Posts Tagged ‘writing life’

Bloom Where You Are, and Other Sayings

March 30, 2020

For the first time, I understand the connection between two sayings I’ve heard for years. The first is the advice to torture your darlings. The second is the adage, “Adversity doesn’t make character, it reveals it.” Watching the different ways people are responding to the pandemic was my aha moment for writing. If I don’t fully understand my characters and I drop them in the middle of a crisis, the scene is usually flat. I can’t reveal what I don’t know.

Even if I have a good sense of who my characters are, what they do in the conflict sometimes comes as a surprise. I’m starting to enjoy those experiences. Yes, there is the underlying terror that the story is spinning out of my control, but the joy of seeing my imaginary friends become real people is worth it.

You may have understood this connection for a long time, but it’s new to me. Or rather, this added layer of understanding is new to me. As is the added layer of understanding this pandemic has brought to another saying, “Bloom where you are.” I’ve seen so many small acts of kindness lately. I’ve been on the receiving end of some of them. It’s enough to keep me writing stories with happy endings.

Luck and wisdom!


March 23, 2020

We’ve been under a shelter-in-place order for a week now. Although it shouldn’t have been a surprise, given the rapid spread of coronavirus in my area, it was. Not so much of a surprise that I was caught without supplies on hand, but a surprise in the way I reacted to it. My immediate response wasn’t anger, or panic, or a descent into the long, dark tea-time of the soul (thanks, Douglas Adams!). I had this unshakable feeling that I was forgetting something important. After days of fretting, I finally realized that this first week of restricted movement coincided with my busiest week of the month. I usually spend this week checking my to-do lists, and bring-with-me-to-the-meeting lists, and remember-to-ask-this lists. A week with nothing on the schedule should have brought rest and relaxation; instead, it brought anxiety.

“Self,” I said, “this can be used in character development. How would your protagonist react at a gut-level if she was stranded while on vacation? Could your villain manage to stay calm if all the coffee shops were closed?”

Now that I have identified my anxiety, I’m working through it by – you guessed it – creating more lists. I will write down the questions this experience has presented, and see if I can’t use them to give my characters more depth. What will you do with the surprises that life brings you?

Luck and wisdom!

Time to Prepare

March 16, 2020

The middle of March is a hectic time for rites and celebrations. This month was a doozy. First was Friday, March 13. The next day was Pi-Day (we had strawberry, pictured above). Sunday was the Ides of March. Today is St. Urho’s Day (yes, it’s a made-up holiday, but I like purple and green). Tomorrow is St. Patrick’s Day (note previous comment on green). The 18th would have been my father’s 87th birthday, but that’s a blog for another time.

On top of all this is the COVID-19 pandemic. I’m beginning to think I should add an annual review of my disaster preparation plans to the ritual-and-to-do list for mid-March. While my sewing room and writing space offer enough to keep me occupied, there is more to life than art. Food helps, and that includes chocolate. My reward-buying stash is almost gone. Can I make the case that another trip to the chocolate shop is an essential activity, necessary for the safety of all those around me? On the other hand, I probably have the ingredients to experiment making my own chocolates, which will not only occupy a good chunk of time but also provide me with other questions to ask when I create characters or scenes. How do you prepare for the unexpected, and does that influence how you write?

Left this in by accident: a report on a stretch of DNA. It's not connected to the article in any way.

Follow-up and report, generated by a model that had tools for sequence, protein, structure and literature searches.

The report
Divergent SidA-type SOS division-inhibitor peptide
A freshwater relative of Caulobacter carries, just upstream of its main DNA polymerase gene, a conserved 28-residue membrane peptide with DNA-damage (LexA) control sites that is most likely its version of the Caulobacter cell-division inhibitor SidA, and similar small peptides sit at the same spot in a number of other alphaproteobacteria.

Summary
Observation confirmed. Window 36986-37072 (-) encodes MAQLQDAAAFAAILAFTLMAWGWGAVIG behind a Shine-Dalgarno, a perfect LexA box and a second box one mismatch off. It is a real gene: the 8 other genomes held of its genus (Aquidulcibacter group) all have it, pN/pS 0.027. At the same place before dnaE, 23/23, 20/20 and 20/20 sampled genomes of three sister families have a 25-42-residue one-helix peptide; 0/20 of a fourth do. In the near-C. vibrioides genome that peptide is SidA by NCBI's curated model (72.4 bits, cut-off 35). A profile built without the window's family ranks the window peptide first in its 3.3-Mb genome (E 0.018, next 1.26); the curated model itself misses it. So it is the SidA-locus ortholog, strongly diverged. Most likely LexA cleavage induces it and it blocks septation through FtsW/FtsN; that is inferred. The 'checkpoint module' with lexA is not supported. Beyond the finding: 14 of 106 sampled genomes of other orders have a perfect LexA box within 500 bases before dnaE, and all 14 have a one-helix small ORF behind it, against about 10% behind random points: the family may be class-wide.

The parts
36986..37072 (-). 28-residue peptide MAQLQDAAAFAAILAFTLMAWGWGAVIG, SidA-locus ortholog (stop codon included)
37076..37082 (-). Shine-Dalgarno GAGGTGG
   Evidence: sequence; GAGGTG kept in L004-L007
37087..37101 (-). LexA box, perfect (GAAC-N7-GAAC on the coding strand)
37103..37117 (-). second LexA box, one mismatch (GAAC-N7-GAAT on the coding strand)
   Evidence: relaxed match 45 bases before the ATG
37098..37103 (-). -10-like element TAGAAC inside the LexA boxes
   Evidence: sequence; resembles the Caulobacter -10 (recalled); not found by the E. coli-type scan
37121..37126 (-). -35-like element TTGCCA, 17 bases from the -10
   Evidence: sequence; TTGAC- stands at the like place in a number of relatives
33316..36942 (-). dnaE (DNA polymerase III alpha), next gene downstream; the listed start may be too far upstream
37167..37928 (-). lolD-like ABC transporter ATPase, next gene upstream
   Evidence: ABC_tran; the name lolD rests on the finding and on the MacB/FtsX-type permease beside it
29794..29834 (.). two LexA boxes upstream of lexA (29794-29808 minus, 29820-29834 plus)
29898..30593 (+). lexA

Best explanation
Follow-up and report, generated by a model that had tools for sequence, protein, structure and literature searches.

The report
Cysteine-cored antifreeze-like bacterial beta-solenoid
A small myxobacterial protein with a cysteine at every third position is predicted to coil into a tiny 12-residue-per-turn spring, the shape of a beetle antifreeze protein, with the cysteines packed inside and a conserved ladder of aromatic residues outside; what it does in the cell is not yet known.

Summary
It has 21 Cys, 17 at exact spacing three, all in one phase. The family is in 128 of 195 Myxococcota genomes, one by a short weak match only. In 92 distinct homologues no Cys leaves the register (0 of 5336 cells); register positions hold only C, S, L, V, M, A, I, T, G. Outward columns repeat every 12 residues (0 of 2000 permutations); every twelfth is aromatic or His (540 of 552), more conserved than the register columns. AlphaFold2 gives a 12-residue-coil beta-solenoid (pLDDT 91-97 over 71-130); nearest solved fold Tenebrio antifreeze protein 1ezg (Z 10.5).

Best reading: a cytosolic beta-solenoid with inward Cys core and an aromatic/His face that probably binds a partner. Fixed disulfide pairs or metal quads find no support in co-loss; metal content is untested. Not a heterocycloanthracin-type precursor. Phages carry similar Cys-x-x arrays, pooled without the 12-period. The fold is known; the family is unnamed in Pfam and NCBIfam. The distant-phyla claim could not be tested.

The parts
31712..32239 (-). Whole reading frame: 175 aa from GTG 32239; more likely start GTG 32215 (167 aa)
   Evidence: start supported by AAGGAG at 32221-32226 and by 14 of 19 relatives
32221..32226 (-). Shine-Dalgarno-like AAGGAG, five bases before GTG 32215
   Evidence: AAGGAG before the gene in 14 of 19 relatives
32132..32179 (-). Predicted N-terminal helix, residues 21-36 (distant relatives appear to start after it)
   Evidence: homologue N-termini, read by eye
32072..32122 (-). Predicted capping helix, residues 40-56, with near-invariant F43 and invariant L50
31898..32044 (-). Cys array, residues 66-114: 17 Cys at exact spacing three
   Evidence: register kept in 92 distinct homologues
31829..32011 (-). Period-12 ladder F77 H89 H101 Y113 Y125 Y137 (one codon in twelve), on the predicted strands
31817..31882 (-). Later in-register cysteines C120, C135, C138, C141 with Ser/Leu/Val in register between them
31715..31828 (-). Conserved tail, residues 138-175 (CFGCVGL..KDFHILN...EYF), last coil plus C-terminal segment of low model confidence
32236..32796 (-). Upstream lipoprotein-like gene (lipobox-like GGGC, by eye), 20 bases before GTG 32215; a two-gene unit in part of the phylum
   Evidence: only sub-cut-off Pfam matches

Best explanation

Luck and wisdom!

How Do Your Characters Reward Themselves?

March 9, 2020

I checked off the last item on a huge to-do list (one that spanned several months), and decided I needed to reward myself. Since I just happened to be going by the See’s Candy store, it was obvious what that reward should be. As I filled up my shopping basket – giving no thought whatsoever to the cost in calories or dollars – it occurred to me that this was a good time to re-examine my characters’ backstories. I realized I may not fully understand the go-to rewards for all my major characters, especially the villains. As it happens, Susan, the protagonist of the Chenille series, is a confirmed chocoholic. Yes, this is a case of art imitating life. All of my characters have some aspect of me in them, and Susan got the sweet tooth. That makes it easy to write scenes when she rewards herself; the other characters, not so much. Now that I have a little extra room in my schedule, I’ll spend part of that time considering what motivates the characters who are least like me.

Luck and wisdom!

What We Create

March 2, 2020

I read an article about the models we have used to help us explain brain function, and why thinking of the brain as a computer may not be ideal. You can read the article yourself here. This line caught my attention: “. . . the brain does not represent information: it constructs it.” The mad sci fi writer in me said, “Bwah-ha-ha! My world building is alive! It’s alive!” The quilter said, “See, your brain quilt series isn’t such a silly idea after all.”

The picture above was inspired by an article describing how language is stored in different parts of the brain. Neurosurgeons received permission from a bilingual woman to make a few tests while they were treating her, and discovered English words were stored in one place, Spanish in another. I’ve also read that the language we speak structures the way we think, so learning a new language can in effect rewire our brains. Now it appears that the very nature of what we consider real is created by our thoughts as we try to explain what we see. There’s a story in here somewhere, as well as several quilts.